I come back with a stiff neck. My dad took us down in a wagon, and I’m looking at the buildings, and I had never seen a building that high before. I’m looking at the buildings and my neck was stiff from looking up. The only cities I saw was cities in books, you know. I didn’t know that could be real!
Q - What city was it?
Opelousas. It was about 21, 22 miles from where we was livin’. Cause we was on a farm.
Q - That’s not that far.
But that was a long time riding in a (horse-drawn) wagon. But he had a truck, too. But back then, walking wasn’t so bad for people, cause that’s all they did. Now, since we got something to ride in, it only seemed like 2, 3 miles. But back then we thought it was a long way off, ‘cause you had to walk it.
Now we was livin,’ off from the highway, which was a gravel road a half-mile away from the house. And we used to hear the ice cream truck, which was 2, 3 miles away. And we would run all the way there. Back when I was a kid, I could run a mile without stoppin’. And that’s the first time I heard Lightnin’ Hopkins. You know today how the ice cream trucks play music?
Q - Yeah. Usually it’s “Turkey in the Straw”.
Well they used to play blues on this one.
Q - The first time you heard Lightnin’ Hopkins was from an ice cream truck?
Yeah. I tell that story a lot in interviews. But this is something I wanted to do my whole life, since I was a baby.
Q - Play music?
Yeah. My mom told me, after I started playing music: ‘I knew you were going to be a musician, because every time my father would play his banjo, you’d start kickin’ in my stomach.’ And she said that when I would be crying and my grandfather would start playing the banjo, I would stop cryin’ and listen to the music.
Q - Some people do play music for their unborn babies to listen to inside of Mom.
I think it’s true, that babies can hear music and when they’re born, it comes back to them.
Q - I know that Lonnie Brooks isn’t your birth name. (His real name is Lee Baker, Jr.). I was wondering if you got the idea for your stage name from Lonnie Johnson, because you liked his music a lot?
No, I knew of him, cause a lot of people called me Lonnie Johnson. My real name is Lee. My mother named me after my father and she would call me Little Lee. And those people down there, they’re Creole people, you know. And they would talk fast and they would say Lee Lee. And then from Lee Lee to Leenny. They were French speaking. I used to get in fights about it, and it would make me mad. I didn’t want to be Lenny. So I thought about it. I was fixing to do a record with a friend of mine, who at that time, they called him Billy The Kidd Emerson and he played piano. He said Guitar Junior isn‘t a name and that I should change the name. Well since I was in Chicago and they had another Guitar Junior, I changed it.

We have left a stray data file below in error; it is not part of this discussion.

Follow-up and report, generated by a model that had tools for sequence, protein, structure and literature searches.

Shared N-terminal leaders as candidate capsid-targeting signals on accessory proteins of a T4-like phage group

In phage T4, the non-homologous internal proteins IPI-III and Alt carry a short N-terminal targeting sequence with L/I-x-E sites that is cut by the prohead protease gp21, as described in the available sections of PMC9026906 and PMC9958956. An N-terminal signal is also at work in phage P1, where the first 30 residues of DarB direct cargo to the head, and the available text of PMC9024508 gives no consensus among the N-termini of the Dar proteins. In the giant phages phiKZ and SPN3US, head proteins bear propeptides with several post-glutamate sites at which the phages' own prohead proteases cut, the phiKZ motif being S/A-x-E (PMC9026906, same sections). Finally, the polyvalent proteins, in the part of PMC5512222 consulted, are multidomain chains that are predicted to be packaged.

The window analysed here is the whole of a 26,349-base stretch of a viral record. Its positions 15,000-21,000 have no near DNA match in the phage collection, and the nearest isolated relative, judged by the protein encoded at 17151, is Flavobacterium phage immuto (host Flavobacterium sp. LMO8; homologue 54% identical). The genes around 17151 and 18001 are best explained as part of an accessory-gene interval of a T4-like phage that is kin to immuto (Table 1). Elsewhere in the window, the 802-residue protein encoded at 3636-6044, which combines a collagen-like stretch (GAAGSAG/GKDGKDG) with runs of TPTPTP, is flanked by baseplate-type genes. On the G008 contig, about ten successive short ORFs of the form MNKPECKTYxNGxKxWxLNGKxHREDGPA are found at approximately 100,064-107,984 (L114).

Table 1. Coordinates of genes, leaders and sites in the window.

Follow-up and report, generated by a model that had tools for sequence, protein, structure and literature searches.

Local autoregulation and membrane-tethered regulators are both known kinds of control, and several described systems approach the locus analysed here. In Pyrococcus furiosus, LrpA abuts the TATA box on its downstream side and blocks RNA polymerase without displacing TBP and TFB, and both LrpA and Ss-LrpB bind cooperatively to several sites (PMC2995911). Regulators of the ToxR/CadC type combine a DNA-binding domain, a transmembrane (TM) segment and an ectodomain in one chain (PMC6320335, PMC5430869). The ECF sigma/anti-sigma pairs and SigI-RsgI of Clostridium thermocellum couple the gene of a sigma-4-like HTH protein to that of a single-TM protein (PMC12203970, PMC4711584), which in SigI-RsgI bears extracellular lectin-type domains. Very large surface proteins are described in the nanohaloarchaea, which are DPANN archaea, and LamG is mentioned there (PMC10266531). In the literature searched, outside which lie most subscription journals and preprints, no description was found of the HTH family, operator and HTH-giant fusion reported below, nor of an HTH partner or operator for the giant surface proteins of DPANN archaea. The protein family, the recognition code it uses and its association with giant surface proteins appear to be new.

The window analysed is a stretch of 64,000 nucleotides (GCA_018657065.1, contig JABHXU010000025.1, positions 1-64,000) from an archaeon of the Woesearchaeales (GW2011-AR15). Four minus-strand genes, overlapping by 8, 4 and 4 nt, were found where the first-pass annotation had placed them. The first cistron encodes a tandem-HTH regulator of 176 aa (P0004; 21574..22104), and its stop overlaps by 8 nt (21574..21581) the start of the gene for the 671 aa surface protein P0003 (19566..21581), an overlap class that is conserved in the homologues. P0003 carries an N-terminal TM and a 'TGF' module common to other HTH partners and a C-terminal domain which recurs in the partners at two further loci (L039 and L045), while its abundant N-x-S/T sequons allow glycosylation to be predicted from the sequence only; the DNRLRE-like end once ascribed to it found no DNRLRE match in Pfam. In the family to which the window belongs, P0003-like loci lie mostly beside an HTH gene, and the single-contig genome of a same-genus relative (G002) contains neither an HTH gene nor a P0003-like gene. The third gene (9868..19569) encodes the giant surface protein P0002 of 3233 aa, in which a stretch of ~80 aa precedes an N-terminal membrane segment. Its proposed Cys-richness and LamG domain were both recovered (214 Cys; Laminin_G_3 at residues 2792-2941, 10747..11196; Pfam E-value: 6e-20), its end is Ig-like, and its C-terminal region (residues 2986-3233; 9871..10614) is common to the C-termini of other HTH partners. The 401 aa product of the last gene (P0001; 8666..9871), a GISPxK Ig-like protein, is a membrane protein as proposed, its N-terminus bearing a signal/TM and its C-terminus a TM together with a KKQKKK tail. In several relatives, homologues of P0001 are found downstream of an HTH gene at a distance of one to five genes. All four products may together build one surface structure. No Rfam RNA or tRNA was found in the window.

I thought about this lady who used to take care of me when my mother would go to work. Her name was Bertha Brooks. And I thought she treated me better than my mother. She didn’t have no boys, she had nothing but girls and I was her pet.
Q - You recently recorded a new CD, co-produced by Tom Hambridge. What can you tell us about that?
I produced it and put up the money myself. Ronnie and Wayne both helped me with it. Ronnie is playing on one (song) and Wayne is playing on one. And I did one of Wayne’s songs. And he played solo on it, on guitar. And Ronnie plays a solo on one that we worked out together a long time ago.
Q - You have very talented sons.
Oh, yeah. They’re more talented than I am. At least they can handle a computer better than me. All I can do is play games on it.
Q - Where did you record the CD?
In Nashville. Got the Nashville boys (studio musicians) on it. Boy, they’re great! Whew! They play so good I wish I could take ‘em on the road with me.
Lonnie Brooks did not take the Nashville cats on the road with him. However, he did succeed in forming the Brooks Family Blues Dynasty with his sons Ronnie and Wayne. Both sons are talented, versatile artists with their own bands and careers, who learned their craft by apprenticing with their Dad. Together, they are the First Family of the Blues and have taken their act on the road to prestigious international festivals and are repeat performers on the Legendary Rhythm & Blues Cruise.
Meanwhile Lonnie is shopping his CD to record labels, with no release date as of yet, as fans eagerly await his first solo album since Roadhouse Rules in 1997.
Stay tuned…Chicago Blues Guide will continue the conversation with Lonnie Brooks in the near future.